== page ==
Nine-one-one is a three digit telephone number which can provide the American public with direct access to a public safety answering point (PSAP). In general, 9-1-1 is an emergency number for any police, fire or medic.
Great Britain was the first country to establish a universal emergency telephone number. Since 1937 any individual in the United Kingdom has been able to dial 999, receive a prompt response, and have his or her request for assistance (police, fire, ambulance) quickly and efficiently directed to the proper agency. In developing similar systems, Belgium has adopted 900 as its uniform emergency number. Denmark has provided 000, and in Sweden the caller dials 80 000. Several of these systems are directed primarily toward the provision of emergency medical services. Other countries which have provided three or two-digit emergency number, either universally or for large population segments, include West Germany; Caracas, Venezuela, which developed its system in 1963 with the help of the United States; and Winnipeg, Canada, where the system has been in service since 1959. Canada is currently developing a national system utilizing 9-1-1 and Japan has implemented 1-1-9 throughout their country.
In January of 1968, the American Telephone and Telegraph Company announced that within its serving areas the digits 9-1-1 were available for installation on a national scale as the single emergency telephone number. Although numerous public safety officials and individuals at various government organizational levels had long expressed keen interest in the establishment of such a number, the AT&T announcement was primarily prompted by the 1967 recommendation of The President's Commission on Law Enforcement and Administration of Justice that "wherever practical a single (police emergency) number should be established within a metropolitan area and preferably over the entire United States".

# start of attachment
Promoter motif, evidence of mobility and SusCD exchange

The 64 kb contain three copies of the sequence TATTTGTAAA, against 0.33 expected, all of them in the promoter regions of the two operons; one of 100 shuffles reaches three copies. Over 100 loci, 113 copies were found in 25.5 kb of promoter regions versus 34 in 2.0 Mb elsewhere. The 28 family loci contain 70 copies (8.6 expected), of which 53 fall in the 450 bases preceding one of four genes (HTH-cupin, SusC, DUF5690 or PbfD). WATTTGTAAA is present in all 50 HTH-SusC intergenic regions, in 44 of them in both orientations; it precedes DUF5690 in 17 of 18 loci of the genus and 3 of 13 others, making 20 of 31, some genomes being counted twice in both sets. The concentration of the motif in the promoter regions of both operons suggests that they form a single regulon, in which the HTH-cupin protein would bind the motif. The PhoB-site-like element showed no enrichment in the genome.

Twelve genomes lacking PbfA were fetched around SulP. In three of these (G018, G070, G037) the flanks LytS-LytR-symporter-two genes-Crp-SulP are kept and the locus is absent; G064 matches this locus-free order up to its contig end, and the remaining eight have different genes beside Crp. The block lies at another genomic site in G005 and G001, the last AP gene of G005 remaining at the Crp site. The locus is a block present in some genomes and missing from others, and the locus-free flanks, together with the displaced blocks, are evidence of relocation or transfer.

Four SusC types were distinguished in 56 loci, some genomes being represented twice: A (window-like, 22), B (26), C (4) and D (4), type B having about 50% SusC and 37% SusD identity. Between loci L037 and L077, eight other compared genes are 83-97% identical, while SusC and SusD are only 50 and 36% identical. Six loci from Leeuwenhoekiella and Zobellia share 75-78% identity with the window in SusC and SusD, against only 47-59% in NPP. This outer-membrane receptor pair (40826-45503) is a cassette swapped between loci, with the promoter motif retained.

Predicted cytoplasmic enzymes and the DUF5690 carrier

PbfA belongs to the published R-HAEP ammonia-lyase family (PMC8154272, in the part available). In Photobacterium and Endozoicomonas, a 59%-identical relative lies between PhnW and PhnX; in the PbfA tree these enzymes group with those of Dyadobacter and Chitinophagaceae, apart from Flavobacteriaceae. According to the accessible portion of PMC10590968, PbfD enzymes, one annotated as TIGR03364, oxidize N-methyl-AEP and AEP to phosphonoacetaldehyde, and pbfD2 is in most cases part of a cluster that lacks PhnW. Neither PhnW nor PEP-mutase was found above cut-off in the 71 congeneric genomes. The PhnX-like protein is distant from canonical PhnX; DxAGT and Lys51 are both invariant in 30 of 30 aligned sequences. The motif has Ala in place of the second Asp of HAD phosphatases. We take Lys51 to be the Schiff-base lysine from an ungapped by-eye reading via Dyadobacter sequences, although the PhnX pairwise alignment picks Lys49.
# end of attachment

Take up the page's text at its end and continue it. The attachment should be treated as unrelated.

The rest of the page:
Further stimulus toward the creation of a nationwide number was provided by the Commission on Civil Disorders and Federal Communications Commission which urged the telephone industry to provide a three-digit emergency telephone number. These various recommendations had in turn received impetus from growing public concern over the increase in crime, accidents, and medical emergencies and from Federal Government awareness that current emergency reporting methods were inadequate and that in a population as large and as mobile as ours, a common emergency number made sense.
In response to these concerns, the Federal Government in March of 1973, through the Office of Telecommunications Policy, Executive Office of the President, issued National Policy Bulletin Number 73-1 endorsing the concept of 9-1-1 and urging its nationwide implementation.
The choice of the specific number, 9-1-1, was based primarily on cost factors, the comparative ease with which telephone company equipment could be modified to accept the number and on other considerations which indicated that the combination of the digits 9-1-1 would be easily remembered and dialed by most persons.
The first 9-1-1 call in the United States came from Haleyville, Alabama an was made by Alabama Speaker of the House, Rankin Fite on February 16, 1968 to Tom Bevill, a U.S. Representative.
A 9-1-1 system is considered BASIC when a citizen dials 9-1-1, is routed to the PSAP but no location information is provided to the answering point.
A 9-1-1 system is considered ENHANCED when a citizen dials 911, is routed to the PSAP and the caller's address and telephone number are displayed on a computer screen for the dispatcher's reference. Wireless or cellular calls do not provide address information. Marion County was the first in Alabama to be equipped with an Enhanced 9-1-1 system.